The consequences of today's decision are not difficult to predict, and promise to be harmful. So-called "urban renewal" programs provide some compensation for the properties they take, but no compensation is possible for the subjective value of these lands to the individuals displaced and the indignity inflicted by uprooting them from their homes. Allowing the government to take property solely for public purposes is bad enough, but extending the concept of public purpose to encompass any economically beneficial goal guarantees that these losses will fall disproportionately on poor communities. Those communities are not only systematically less likely to put their lands to the highest and best social use, but are also the least politically powerful. If ever there were justification for intrusive judicial review of constitutional provisions that protect "discrete and insular minorities," United States v. Carolene Products Co., 304 U. S. 144, 152, n. 4 (1938), surely that principle would apply with great force to the powerless groups and individuals the Public Use Clause protects. The deferential standard this Court has adopted for the Public Use Clause is therefore deeply perverse. It encourages "those citizens with dis-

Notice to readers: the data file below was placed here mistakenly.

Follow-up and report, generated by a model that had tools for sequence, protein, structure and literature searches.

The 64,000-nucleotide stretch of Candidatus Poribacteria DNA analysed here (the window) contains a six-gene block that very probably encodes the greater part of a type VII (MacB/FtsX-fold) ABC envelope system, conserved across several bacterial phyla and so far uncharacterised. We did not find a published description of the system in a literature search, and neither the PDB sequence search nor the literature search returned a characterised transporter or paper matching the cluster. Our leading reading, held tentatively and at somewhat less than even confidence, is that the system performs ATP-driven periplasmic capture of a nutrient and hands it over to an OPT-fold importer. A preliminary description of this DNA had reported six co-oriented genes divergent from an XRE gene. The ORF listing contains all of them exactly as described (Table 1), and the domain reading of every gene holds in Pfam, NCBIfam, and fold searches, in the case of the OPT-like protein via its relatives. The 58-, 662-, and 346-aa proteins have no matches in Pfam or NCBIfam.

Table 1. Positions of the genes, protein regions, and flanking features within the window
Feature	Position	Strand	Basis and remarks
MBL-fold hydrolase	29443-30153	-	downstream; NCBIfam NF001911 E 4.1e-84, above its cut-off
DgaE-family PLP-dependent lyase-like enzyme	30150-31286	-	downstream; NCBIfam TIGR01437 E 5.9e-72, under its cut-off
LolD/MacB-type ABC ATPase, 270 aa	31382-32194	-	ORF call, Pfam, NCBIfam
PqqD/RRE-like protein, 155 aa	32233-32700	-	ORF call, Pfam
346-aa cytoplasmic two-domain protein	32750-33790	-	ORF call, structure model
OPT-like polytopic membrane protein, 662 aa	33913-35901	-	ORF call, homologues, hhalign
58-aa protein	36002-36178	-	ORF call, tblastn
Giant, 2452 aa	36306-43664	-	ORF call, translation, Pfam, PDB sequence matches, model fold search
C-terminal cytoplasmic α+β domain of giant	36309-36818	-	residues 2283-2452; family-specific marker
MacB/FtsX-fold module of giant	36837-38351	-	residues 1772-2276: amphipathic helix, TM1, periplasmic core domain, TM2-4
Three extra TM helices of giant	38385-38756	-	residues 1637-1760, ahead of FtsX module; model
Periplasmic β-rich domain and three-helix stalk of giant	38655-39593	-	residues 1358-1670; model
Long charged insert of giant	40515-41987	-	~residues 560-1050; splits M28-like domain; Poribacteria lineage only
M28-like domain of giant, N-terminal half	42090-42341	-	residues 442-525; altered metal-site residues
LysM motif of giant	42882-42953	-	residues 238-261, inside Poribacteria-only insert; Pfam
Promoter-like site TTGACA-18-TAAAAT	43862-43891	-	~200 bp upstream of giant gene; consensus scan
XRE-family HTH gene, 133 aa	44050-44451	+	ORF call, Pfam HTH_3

proportionate influence and power in the political pro-
cess, including large corporations and development
firms" to victimize the weak. Ante, at 11 (O'Connor, J., dissenting).